Remembering Colin Stubs…and the Revival of the Australian Open

By Russell Boxshall

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Colin Stubs, the former Australian Open Tournament Director, is being widely remembered in the tennis world after passing away this month in Melbourne, aged 81.

Stubs, known by many for his integrity and devotion to the sport, was an influential figure during a critical time in Australian tennis during the 1980s.

He played tennis at the top level predominantly during the 1960s making appearances at all four Grand Slam tournaments. After retiring, he worked as a pharmacist before entering the field of sports management in the mid 1970s.

From 1978 to 1994, from Stubs was Tournament Director of the Australian Open. During this time, he oversaw the tournament’s move from the grass of Kooyong Lawn Tennis Club to the Rebound Ace surface of the newly created facility at Flinders Park (now Melbourne Park) in 1988.

The inaugural Australian Open at Flinders Park culminated in arguably still the greatest men’s final played at the venue, a contest between Mats Wilander of Sweden and local hope Pat Cash. Wilander won the final 6-3 6-7 3-6 6-1 8-6 before approximately 15,000 rapturous fans (including a vocal contingent of yellow and blue face painted Swedish visitors).

Pat Cash and Mats Wilander before the first Men’s Singles final at Flinders Park. Photo: Popperfoto/Getty

Stubs took over directorship of the Australian Open at a time when many of the top ranked players from overseas were bypassing the event largely due to the Christmas/New Year timeslot.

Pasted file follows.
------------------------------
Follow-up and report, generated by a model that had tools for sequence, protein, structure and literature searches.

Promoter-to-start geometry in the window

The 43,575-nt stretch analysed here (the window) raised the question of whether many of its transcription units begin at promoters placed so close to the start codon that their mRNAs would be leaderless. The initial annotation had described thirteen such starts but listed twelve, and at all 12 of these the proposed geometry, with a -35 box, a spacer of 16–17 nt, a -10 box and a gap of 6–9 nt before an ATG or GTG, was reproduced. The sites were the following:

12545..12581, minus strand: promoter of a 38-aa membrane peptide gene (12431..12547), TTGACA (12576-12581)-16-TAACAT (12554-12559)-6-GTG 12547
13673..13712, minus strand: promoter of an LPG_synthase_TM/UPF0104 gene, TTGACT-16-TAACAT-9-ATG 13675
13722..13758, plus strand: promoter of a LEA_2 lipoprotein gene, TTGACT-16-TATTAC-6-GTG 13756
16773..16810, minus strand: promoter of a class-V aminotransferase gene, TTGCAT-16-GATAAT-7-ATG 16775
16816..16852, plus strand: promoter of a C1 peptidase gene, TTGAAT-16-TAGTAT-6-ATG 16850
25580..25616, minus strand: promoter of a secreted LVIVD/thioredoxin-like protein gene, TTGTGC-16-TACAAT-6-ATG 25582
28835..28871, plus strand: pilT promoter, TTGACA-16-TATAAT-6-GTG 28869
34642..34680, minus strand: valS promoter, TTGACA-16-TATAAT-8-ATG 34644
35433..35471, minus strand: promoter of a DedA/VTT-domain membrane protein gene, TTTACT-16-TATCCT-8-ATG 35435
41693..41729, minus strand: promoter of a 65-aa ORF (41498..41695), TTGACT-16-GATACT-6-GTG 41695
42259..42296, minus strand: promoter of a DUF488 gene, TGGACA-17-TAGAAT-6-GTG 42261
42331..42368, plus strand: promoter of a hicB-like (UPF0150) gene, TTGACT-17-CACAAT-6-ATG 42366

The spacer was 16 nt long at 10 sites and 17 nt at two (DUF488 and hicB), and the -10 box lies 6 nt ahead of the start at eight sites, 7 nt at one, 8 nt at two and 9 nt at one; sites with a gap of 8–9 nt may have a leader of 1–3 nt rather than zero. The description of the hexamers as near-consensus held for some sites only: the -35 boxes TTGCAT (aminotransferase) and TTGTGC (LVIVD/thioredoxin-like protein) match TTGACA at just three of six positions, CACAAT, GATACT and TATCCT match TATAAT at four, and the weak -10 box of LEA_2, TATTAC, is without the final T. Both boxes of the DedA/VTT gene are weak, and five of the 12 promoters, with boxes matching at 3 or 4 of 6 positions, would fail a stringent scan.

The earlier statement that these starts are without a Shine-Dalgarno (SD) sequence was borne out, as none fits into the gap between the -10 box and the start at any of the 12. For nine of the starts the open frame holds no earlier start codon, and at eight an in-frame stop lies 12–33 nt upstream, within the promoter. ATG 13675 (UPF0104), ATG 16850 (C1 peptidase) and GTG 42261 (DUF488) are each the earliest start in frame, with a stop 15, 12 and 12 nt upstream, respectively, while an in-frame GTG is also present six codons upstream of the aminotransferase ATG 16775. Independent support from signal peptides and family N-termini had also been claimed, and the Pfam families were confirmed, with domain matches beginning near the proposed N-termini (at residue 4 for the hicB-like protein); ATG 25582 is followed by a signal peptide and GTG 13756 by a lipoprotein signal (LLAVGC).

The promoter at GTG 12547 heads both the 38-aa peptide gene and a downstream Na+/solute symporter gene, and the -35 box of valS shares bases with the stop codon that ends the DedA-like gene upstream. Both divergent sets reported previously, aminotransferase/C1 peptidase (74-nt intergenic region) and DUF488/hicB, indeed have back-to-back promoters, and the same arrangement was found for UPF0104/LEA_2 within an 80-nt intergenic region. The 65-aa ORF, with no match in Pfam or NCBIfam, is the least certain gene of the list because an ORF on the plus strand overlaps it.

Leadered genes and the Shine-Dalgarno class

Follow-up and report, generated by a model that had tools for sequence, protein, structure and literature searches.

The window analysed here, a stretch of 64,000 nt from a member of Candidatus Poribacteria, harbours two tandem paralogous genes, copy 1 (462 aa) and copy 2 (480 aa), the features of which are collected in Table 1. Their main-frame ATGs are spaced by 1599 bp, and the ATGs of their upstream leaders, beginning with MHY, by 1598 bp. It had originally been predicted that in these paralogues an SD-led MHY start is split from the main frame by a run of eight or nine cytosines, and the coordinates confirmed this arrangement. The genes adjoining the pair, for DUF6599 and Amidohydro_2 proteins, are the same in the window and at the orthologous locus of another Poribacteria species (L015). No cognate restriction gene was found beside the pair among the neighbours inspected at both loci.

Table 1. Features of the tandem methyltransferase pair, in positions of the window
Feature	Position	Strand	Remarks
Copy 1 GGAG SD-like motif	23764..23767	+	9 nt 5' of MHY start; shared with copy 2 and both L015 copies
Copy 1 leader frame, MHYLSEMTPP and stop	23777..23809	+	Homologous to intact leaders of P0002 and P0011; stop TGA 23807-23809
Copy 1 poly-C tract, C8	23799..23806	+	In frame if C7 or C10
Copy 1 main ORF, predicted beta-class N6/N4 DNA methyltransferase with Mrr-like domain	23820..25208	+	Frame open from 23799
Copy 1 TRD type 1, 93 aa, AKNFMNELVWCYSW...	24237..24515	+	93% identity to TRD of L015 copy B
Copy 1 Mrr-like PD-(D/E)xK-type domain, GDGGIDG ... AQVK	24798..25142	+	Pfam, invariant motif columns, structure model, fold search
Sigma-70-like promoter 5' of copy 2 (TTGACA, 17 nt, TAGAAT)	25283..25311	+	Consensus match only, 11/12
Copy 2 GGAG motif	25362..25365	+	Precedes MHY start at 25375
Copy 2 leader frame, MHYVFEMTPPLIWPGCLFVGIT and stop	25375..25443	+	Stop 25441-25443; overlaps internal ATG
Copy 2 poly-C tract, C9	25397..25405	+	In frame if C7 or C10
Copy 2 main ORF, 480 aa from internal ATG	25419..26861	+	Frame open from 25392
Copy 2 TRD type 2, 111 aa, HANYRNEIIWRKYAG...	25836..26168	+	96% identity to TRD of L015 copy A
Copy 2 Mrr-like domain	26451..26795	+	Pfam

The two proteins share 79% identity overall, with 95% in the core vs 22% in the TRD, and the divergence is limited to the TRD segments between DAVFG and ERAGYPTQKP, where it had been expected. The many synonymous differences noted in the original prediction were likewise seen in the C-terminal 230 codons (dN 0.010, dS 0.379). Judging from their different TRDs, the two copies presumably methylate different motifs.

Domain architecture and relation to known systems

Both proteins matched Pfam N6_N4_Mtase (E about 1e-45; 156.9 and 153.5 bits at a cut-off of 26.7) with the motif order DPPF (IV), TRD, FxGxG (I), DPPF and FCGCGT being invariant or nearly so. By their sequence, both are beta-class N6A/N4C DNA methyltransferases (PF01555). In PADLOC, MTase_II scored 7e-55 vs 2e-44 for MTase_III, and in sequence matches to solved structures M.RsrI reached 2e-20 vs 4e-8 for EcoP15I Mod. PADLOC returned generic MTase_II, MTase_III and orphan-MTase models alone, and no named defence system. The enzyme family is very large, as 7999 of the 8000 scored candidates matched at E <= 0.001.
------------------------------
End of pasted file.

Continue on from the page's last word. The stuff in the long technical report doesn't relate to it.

He was instrumental in moving the women’s event to a timeslot in early December in 1980 and did the same with the men’s event in 1982.

Stubs gradually succeeded in his aim of restoring the status of the event to its rightful position.

Martina Navratilova, who had won Wimbledon in 1978 and 1979, made her return to the Australian Open in 1980 after a five year break. (She had been a finalist in her first visit as an 18-year old in 1975, losing to Evonne Goolagong Cawley.) Navratilova and reigning Wimbledon champion Goolagong Cawley were the top two seeds in 1980.

Navratilova would make the semi-finals in her return before being defeated by Wendy Turnbull. The final was contested by Turnbull and Hana Mandlíková, who was just 18. Mandlíková claimed the championship 6-0 7-5, the first major step in her illustrious career.

World No. 1 Chris Evert then returned to Kooyong in 1981 (she had been absent from the tournament since losing the 1974 final as a 19-year old, also to Goolagong). Reigning US Open champion Tracy Austin was also a notable addition to the draw. Navratilova and Evert would fight out an epic final in 1981 with Navratilova winning 6-7 6-4 7-5.

Martina Navratilova won her third and final Australian Open Singles crown at Kooyong in 1985. Photo: Horizon

On the men’s side, World No. 1 John McEnroe, No. 2 Ivan Lendl and 1982 Roland Garros champion Mats Wilander all made their first trips to the tournament for the 1983 edition. A 19 year old Wilander would upset McEnroe in the semifinals and defeat Lendl in the final.

Stubs created the long running Kooyong Classic in 1988 – an invitational event that ensured Kooyong retained a regular place in the tennis world. It eventually became a key lead in event for the Australian Open regularly attracting the likes of Roger Federer and Andre Agassi among others.

Perhaps nothing said more about Stubs’ character and devotion to the game than his decision in 2005 to run the Kooyong Classic without a major sponsor. Rather than cancel the event, Stubs went ahead with it knowing he would suffer a significant financial loss.  

Stubs also spent time as Tournament Director of the Dubai Tennis Championships and the Australian Hardcourt Championships in Adelaide.

He died on 13 July after a serious illness.

Title photo of Colin Stubs at the 2011 AAMI Classic by Sydney Low

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